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 (Philemon & Hebrews)
Lesson 1: Appeal for Forgiveness and Acceptance (Phm 1-25)
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Lesson 1: Appeal for Forgiveness and Acceptance (Phm 1-25)



Salutation (1-3)

Thanksgiving and Praise for Philemon (4-7)

Appeal on Behalf of Onesimus (8-16)

Restating the Appeal and Making A Personal Request (17-22)

Greetings (21-25)

Key Words/Phrases

Beloved, love, refresh, appeal, profitable, heart, slave, brother, in the Lord, owes, repay.

General Analysis

1.   The appeal to Philemon in 8-16 makes up the central part of the epistle.

Segment Analysis

1a.  Prisoner of Christ Jesus (1, cf. 9).

1b.  Beloved friend and fellow laborer (1). Beloved… fellow soldier (2).

2.   Although Paul addresses more than one person in his salutation, he uses the singular “you” through the remaining of the letter except in 22 and 25. He also addresses the reader as “brother” at the end of verse 7. Thus, Paul’s commendation and appeal were meant for Philemon.

3.   He has heard of Philemon’s love and faith (5).

4.   Paul prays for Philemon so that the sharing of Philemon’s faith may become effective (6).

5a.  We must show our love toward all the saints (5). Our love for the saints will refresh their hearts (7).

5b.  Our faith is toward the Lord Jesus Christ (5). We ought to share our faith (6). The sharing of our faith is effective by the acknowledgment of every good thing which is in us in Christ Jesus (6). Prayer is an important factor in effective witnessing (4,6).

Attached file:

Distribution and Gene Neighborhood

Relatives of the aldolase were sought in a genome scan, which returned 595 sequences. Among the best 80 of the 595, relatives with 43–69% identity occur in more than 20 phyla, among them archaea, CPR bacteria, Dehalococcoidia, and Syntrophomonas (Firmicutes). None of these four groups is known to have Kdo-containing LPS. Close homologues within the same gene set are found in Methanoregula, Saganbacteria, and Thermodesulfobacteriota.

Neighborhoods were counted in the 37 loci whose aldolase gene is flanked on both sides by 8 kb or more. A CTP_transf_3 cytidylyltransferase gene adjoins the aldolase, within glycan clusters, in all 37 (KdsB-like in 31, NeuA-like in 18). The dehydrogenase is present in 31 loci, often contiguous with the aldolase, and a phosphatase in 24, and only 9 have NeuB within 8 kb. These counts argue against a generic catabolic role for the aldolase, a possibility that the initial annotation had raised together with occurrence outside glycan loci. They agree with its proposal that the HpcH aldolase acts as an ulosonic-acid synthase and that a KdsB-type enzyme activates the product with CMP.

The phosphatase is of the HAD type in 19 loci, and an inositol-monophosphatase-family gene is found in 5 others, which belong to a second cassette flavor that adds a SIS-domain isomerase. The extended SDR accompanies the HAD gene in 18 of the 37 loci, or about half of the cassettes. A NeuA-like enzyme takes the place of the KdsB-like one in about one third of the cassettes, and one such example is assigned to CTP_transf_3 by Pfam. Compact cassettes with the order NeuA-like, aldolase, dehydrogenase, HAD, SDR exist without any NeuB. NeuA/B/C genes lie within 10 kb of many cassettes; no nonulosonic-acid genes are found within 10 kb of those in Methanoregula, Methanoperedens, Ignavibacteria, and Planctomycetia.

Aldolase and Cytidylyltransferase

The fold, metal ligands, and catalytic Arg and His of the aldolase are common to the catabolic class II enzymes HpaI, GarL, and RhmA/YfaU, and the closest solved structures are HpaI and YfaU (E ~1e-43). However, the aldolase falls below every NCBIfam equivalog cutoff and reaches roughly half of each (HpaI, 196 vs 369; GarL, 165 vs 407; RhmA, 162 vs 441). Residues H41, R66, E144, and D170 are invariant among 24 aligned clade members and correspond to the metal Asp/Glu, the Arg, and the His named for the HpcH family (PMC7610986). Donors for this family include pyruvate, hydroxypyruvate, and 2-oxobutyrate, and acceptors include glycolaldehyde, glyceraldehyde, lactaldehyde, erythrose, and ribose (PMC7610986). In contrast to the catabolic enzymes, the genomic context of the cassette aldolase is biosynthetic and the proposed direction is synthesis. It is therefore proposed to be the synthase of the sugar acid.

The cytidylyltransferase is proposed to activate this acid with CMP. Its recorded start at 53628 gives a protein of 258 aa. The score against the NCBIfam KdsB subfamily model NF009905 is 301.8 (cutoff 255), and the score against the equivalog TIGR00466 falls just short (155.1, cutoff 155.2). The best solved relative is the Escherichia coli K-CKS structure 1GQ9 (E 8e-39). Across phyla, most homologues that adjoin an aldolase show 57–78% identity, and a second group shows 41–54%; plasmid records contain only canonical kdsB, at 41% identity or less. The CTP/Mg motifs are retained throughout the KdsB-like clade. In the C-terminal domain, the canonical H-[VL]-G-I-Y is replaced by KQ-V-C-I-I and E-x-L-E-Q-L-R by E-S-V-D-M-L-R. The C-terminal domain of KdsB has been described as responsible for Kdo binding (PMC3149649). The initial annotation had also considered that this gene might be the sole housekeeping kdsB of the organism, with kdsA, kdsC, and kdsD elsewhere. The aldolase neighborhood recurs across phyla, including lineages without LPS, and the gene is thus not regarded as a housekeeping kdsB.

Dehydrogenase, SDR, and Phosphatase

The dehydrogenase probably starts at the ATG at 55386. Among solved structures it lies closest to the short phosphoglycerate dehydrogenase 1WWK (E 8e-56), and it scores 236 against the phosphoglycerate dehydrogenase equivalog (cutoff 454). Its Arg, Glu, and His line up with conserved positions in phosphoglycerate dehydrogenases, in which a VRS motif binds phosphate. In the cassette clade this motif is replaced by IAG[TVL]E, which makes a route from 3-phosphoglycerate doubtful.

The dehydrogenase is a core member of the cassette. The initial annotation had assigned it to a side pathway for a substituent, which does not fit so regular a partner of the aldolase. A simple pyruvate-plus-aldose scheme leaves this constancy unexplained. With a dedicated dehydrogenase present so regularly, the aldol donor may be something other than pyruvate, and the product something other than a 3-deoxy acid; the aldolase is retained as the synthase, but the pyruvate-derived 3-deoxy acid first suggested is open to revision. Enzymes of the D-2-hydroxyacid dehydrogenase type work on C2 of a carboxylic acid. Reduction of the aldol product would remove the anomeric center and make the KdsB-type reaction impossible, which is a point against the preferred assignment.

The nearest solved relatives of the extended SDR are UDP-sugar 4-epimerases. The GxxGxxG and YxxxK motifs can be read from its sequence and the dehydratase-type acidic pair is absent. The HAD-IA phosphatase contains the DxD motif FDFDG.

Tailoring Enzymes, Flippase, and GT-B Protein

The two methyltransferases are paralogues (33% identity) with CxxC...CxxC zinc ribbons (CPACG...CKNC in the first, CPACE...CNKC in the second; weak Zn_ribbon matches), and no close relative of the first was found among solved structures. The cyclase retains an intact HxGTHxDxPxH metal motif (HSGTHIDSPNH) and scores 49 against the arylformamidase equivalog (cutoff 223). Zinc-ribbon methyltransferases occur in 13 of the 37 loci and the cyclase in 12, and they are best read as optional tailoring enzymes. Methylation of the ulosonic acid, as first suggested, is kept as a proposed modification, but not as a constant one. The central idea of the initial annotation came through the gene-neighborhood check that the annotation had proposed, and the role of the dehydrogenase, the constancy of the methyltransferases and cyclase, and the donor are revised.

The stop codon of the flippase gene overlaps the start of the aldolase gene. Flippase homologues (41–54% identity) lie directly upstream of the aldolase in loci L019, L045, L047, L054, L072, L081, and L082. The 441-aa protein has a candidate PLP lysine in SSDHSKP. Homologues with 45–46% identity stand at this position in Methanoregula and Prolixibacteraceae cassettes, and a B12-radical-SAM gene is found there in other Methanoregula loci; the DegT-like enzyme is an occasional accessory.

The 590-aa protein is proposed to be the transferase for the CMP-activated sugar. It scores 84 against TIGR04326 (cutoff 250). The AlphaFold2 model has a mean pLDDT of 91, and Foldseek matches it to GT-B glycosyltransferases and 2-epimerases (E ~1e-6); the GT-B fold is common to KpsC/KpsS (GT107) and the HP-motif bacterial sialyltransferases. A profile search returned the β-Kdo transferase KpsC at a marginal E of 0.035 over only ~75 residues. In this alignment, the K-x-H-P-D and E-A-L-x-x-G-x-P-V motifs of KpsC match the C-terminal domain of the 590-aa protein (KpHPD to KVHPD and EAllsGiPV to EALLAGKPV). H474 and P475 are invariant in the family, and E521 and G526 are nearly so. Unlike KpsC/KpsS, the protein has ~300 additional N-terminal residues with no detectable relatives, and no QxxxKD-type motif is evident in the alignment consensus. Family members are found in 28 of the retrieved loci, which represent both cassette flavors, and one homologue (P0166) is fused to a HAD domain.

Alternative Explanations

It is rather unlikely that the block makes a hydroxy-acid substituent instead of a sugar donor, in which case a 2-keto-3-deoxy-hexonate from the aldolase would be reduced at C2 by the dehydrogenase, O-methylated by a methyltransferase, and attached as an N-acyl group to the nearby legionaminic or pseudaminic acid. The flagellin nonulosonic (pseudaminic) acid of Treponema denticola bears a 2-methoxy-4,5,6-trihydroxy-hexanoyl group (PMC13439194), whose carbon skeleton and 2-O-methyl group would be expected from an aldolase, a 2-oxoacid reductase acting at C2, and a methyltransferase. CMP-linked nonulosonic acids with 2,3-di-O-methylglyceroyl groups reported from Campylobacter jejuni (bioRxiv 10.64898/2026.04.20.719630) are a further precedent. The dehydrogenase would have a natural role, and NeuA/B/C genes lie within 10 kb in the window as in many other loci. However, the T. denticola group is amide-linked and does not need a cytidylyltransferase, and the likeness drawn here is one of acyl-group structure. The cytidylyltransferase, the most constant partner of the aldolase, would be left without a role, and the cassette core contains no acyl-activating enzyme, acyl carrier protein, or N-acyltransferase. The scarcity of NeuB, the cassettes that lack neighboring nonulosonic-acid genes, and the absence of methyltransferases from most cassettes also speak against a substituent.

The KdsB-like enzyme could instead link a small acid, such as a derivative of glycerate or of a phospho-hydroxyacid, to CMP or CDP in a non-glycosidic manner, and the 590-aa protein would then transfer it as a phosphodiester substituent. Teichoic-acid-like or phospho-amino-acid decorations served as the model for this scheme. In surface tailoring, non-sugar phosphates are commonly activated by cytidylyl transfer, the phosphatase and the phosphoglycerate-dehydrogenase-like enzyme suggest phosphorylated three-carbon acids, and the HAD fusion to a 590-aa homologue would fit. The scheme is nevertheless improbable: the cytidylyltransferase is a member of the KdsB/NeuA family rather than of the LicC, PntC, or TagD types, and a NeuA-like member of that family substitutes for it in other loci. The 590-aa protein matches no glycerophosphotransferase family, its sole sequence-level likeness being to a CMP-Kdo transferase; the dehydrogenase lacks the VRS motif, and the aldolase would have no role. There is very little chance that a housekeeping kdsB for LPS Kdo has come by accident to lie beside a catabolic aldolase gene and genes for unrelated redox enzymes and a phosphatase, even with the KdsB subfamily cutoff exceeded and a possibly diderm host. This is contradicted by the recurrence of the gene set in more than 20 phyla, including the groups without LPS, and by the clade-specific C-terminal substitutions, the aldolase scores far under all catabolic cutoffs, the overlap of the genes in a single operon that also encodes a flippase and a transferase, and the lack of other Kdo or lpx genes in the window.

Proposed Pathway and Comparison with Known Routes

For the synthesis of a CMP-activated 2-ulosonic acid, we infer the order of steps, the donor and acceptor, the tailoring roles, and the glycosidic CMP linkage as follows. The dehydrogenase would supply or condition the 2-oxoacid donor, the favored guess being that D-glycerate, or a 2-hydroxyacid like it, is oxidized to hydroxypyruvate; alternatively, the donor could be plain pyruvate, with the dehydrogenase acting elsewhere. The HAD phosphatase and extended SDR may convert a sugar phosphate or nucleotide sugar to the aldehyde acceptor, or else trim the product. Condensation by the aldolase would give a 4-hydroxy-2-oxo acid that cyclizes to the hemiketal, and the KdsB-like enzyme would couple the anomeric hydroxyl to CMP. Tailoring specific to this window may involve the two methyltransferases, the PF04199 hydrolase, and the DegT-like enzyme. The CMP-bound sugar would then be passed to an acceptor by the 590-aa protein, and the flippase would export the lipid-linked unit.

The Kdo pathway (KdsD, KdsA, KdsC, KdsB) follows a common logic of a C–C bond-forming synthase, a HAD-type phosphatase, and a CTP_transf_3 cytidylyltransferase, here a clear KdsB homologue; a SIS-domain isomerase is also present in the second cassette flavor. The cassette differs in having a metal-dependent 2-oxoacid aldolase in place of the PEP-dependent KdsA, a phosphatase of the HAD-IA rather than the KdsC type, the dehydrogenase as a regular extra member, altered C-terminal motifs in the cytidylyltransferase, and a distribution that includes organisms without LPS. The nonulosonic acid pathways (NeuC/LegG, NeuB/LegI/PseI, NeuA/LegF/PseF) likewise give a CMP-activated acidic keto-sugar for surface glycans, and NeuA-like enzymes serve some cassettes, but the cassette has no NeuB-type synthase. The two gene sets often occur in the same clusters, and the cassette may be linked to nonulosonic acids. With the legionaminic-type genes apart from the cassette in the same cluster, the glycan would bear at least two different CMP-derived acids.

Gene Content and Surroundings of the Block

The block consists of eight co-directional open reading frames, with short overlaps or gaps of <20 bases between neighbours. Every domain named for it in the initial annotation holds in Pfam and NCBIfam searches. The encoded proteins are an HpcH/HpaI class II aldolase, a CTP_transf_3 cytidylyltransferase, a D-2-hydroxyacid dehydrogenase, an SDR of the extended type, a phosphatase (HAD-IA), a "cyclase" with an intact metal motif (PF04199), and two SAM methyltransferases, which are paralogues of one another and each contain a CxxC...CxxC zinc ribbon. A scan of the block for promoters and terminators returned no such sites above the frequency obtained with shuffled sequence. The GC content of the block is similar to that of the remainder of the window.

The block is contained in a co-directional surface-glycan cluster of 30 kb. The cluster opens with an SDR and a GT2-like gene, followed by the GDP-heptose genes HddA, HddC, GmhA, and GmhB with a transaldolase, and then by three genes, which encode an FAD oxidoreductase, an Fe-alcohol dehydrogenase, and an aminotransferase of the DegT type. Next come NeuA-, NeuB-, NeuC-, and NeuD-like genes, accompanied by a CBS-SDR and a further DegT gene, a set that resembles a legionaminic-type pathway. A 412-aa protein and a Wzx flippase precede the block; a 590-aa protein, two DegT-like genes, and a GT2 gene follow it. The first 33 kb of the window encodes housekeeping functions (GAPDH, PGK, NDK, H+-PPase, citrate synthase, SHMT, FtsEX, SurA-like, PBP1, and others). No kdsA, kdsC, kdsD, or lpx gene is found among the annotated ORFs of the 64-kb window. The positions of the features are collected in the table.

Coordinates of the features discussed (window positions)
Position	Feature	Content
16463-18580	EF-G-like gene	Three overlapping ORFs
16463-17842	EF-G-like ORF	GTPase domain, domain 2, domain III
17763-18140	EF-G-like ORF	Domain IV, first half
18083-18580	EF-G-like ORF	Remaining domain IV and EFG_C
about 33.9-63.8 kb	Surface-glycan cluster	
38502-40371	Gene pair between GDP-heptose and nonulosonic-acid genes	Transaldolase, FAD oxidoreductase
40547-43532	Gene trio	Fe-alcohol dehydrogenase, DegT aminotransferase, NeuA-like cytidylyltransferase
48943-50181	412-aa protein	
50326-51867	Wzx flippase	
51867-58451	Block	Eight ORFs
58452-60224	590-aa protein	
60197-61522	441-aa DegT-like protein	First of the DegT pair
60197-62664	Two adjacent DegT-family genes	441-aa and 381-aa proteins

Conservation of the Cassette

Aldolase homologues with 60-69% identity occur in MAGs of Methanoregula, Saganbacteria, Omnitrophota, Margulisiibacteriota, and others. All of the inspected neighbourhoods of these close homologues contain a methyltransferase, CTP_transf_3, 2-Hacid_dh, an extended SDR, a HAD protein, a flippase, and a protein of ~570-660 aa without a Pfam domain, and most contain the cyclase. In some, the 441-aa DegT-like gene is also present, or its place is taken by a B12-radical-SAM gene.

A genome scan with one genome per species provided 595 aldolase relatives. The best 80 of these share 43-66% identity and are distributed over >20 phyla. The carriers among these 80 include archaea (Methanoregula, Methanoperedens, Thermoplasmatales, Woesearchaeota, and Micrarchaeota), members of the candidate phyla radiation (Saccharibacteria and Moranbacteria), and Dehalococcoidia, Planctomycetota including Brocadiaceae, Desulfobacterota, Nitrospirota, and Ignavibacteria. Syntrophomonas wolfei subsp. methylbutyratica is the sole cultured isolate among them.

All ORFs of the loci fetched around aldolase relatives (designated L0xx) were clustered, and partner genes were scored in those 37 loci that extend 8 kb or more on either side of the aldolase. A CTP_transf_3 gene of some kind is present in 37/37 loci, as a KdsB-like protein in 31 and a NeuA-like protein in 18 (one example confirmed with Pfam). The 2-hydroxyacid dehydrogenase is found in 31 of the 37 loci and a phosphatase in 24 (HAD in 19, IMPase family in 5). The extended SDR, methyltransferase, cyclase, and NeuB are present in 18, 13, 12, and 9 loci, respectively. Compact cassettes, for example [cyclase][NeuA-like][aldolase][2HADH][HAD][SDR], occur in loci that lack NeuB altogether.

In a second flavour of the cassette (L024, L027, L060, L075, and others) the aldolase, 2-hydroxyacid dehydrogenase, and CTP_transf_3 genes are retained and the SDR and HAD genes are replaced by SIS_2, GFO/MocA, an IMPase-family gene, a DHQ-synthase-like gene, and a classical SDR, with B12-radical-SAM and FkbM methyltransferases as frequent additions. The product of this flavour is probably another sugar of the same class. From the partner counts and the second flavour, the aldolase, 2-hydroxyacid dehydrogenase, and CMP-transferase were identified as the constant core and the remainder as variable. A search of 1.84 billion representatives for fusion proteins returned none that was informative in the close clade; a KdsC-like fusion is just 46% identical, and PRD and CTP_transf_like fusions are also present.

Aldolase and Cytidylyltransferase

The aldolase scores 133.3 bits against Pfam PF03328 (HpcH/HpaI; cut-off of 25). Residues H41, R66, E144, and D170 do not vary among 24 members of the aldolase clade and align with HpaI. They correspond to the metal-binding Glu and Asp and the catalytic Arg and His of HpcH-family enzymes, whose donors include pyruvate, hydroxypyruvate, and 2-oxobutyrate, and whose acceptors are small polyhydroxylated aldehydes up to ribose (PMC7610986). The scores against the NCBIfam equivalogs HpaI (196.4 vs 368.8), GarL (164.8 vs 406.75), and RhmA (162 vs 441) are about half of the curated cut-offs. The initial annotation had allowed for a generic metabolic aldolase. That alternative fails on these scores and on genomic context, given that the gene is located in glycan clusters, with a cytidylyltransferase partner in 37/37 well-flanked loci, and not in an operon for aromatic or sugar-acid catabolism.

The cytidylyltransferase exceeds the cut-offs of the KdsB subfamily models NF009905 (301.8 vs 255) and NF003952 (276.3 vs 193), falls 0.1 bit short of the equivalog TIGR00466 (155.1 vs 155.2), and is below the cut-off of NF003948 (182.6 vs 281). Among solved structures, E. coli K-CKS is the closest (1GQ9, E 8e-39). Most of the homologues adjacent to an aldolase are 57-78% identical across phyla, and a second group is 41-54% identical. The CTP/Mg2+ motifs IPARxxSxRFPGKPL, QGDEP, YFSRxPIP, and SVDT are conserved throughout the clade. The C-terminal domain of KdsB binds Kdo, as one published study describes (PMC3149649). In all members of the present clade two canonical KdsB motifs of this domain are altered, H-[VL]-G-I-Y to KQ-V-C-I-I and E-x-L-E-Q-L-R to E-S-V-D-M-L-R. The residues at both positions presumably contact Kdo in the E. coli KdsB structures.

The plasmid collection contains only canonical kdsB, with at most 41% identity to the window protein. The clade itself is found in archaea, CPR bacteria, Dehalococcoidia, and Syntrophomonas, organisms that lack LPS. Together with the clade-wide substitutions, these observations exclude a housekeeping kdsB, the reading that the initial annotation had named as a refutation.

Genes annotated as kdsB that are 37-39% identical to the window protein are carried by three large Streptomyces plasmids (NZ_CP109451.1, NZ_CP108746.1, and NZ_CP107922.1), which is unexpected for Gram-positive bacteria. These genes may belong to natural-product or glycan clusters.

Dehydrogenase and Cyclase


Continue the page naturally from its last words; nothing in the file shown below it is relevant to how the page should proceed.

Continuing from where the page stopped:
7.   Only when we have come to know God and his goodness, through understanding of God’s word and experiencing God’s grace, can we effectively share this understanding and experience with others.

8a.  Paul asks Philemon to receive Onesimus (12,17).

8b.  He makes an appeal “for love’s sake.” Because of Paul’s love for Philemon and vice versa, a command would not be necessary nor appropriate. Paul just needs to make a personal request and he trusts that Philemon will do what he asks. Furthermore, because Philemon is an exemplary believer who loves all the saints, Paul does not need to command him to show the same love to Onesimus. Instead of making Philemon act out of compulsion, Paul wants him to accept Onesimus out of freewill.

8c.  While a command may temporarily force someone to act superficially and grudgingly, an appeal can touch the heart of a person so that he would gladly do what is right out of his heart. Such approach is most effective when we know that the person has always acted with love and faith and only needs a simple reminder from us to continue to do what is right.